The Painting and Drawing area’s reputation is founded upon its deep commitment to personal expression, experimentation, and risk taking, while remaining rooted in the fundamental understanding that Painting and Drawing are unique in their history and methodology. Painting and Drawing at the University of New Mexico has a long and important history in American Art, including both faculty and alumni. The area developed the first innovative field study classes taught in the Department of Art and Art History over 25 years ago which continue today with courses such as Nature and Technology and Wilderness Studio. New Mexico, with its rich cultural heritage and stunning variety of landscapes has been a magnet for artists for a long time. Early in the 20th century Professor Raymond Jonson was drawn to New Mexico from Chicago and was instrumental in forming the Transcendentalist Painting Group, an innovative group of non-objective painters that include such luminaries as Florence Pierce and Agnes Pelton. During the 20th century, artists such as Richard Diebenkorn and Agnes Martin have been associated with the school. Close connection to Native American and Hispanic fine arts traditions energized these European traditions of painting—this energy continues into the 21st century, and New Mexico is home to many contemporary artists.

Painting and Drawing enjoys national recognition for the success of both our undergraduate and graduate students. Our undergraduates have garnered acceptance into many renowned institutions for graduate work ranging from the School of the Art Institute of Chicago to the University of California, Davis, Pratt Institute, and Hunter College, among many others. Our graduate students have also gone on to successful careers, accepting academic teaching positions in art schools and in university art departments across the country, exhibiting their work in major art venues, and pursuing careers as curators, critics, and gallerists.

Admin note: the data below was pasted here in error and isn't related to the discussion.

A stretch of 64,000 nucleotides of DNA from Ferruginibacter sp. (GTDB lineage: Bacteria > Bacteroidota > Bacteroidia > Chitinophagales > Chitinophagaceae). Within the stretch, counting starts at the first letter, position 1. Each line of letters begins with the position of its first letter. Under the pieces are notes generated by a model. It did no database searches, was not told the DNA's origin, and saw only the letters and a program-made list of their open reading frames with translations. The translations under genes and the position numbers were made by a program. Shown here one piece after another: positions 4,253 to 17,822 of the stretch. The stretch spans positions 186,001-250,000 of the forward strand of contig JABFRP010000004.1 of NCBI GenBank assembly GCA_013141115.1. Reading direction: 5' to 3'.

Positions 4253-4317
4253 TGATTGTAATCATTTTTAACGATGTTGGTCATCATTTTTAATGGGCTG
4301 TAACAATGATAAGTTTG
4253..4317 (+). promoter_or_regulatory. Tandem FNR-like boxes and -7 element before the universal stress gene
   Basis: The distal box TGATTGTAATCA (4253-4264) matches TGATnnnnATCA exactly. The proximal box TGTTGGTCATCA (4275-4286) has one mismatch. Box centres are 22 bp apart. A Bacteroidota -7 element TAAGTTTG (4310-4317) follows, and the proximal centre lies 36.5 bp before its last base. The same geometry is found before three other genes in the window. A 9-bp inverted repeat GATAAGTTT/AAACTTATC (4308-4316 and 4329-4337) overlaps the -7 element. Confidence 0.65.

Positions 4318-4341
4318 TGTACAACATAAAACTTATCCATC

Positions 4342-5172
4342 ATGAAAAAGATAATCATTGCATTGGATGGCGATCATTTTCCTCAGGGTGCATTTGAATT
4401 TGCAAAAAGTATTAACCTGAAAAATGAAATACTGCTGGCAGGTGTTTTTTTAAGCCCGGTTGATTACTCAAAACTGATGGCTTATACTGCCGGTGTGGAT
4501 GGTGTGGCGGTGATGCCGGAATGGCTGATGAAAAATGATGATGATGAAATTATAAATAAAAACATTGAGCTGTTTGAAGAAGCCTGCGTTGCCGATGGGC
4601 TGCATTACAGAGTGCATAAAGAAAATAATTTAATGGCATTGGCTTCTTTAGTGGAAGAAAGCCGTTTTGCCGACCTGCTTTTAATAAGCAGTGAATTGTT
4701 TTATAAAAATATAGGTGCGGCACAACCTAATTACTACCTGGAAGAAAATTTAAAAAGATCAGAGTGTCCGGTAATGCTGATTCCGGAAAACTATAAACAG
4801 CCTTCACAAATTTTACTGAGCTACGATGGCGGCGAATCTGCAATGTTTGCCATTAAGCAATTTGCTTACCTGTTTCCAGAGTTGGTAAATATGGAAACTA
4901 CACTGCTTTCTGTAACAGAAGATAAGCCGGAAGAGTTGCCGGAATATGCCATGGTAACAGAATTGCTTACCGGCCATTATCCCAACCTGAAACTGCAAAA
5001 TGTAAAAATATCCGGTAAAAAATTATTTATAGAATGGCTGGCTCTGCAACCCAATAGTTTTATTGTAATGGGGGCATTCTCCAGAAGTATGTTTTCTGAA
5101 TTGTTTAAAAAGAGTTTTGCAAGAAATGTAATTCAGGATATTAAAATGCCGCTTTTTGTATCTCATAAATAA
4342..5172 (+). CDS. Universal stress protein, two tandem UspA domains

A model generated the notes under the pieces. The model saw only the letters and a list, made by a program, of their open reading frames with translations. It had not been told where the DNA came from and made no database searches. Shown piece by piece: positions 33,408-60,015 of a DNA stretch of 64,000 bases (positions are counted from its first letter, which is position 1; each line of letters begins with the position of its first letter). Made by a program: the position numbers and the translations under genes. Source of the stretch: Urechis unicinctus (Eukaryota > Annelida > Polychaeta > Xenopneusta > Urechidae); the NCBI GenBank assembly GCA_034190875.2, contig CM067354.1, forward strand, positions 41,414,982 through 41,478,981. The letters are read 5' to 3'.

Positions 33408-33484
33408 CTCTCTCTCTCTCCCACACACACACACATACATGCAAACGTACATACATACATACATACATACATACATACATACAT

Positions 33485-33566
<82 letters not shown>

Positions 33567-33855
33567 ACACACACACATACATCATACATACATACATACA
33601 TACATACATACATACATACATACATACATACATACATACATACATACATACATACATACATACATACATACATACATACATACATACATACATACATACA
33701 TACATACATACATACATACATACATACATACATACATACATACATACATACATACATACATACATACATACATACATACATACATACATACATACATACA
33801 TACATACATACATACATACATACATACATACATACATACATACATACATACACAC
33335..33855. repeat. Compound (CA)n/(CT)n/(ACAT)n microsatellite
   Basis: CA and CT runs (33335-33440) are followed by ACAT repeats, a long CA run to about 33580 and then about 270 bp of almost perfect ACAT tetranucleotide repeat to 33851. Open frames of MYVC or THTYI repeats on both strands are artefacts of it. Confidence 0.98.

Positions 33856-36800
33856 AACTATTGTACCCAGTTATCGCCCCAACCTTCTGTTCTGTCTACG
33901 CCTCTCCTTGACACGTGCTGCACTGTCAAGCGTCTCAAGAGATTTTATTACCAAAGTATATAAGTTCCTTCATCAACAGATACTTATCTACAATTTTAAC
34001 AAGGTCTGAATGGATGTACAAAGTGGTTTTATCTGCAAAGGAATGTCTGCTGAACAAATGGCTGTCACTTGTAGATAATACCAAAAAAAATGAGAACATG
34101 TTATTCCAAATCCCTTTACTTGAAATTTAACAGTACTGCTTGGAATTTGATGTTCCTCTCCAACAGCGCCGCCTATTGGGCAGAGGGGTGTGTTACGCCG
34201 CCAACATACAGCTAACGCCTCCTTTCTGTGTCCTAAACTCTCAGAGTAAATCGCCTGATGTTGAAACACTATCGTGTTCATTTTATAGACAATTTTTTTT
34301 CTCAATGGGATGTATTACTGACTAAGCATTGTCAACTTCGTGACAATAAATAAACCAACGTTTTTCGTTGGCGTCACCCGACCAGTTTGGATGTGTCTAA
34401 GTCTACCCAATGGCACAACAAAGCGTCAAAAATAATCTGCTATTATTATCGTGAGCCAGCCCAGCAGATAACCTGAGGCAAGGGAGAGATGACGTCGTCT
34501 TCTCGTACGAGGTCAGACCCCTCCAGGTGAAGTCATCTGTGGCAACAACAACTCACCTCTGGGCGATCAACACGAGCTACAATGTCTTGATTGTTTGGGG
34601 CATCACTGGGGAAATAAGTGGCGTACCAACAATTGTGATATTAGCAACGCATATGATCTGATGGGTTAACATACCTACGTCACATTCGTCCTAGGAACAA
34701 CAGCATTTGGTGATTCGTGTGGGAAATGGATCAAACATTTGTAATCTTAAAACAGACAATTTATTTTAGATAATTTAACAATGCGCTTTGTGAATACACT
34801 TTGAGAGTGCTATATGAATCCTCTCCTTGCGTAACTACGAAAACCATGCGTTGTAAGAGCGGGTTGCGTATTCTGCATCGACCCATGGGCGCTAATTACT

The Painting and Drawing area of the Department of Art and Art History is comprised of distinguished faculty who have been awarded numerous awards that include the following: Prix de Rome, National Endowment for the Arts Individual Artists Fellowship, Fulbright Fellowship, Ford Foundation Fellowship, Pollock-Krasner Fellowship, Illinois Arts Council Individual Artists Fellowship, and many artist residencies both in the US and abroad. Their work has been exhibited extensively nationally and internationally and the number of acquisitions by public and private collectors and by museums is equally outstanding.

For undergraduates the area has multiple large painting and drawing rooms, each outfitted with video projection, sound, and Internet. At the advanced levels, undergraduate students receive their own designated work areas. Graduate students have personal studios in the Art Annex and Mattox Buildings. In addition, all students, depending on their coursework and focus, have access to multiple tools, labs, shops, and technologies, to expand upon elements critical to their work. The John Sommers Gallery features Honors Thesis and Graduate Thesis exhibitions as well as student and faculty curated exhibitions. The College of Fine Arts includes a newly renovated Fine Arts Library, the University Art Museum, and the internationally renowned Tamarind Institute.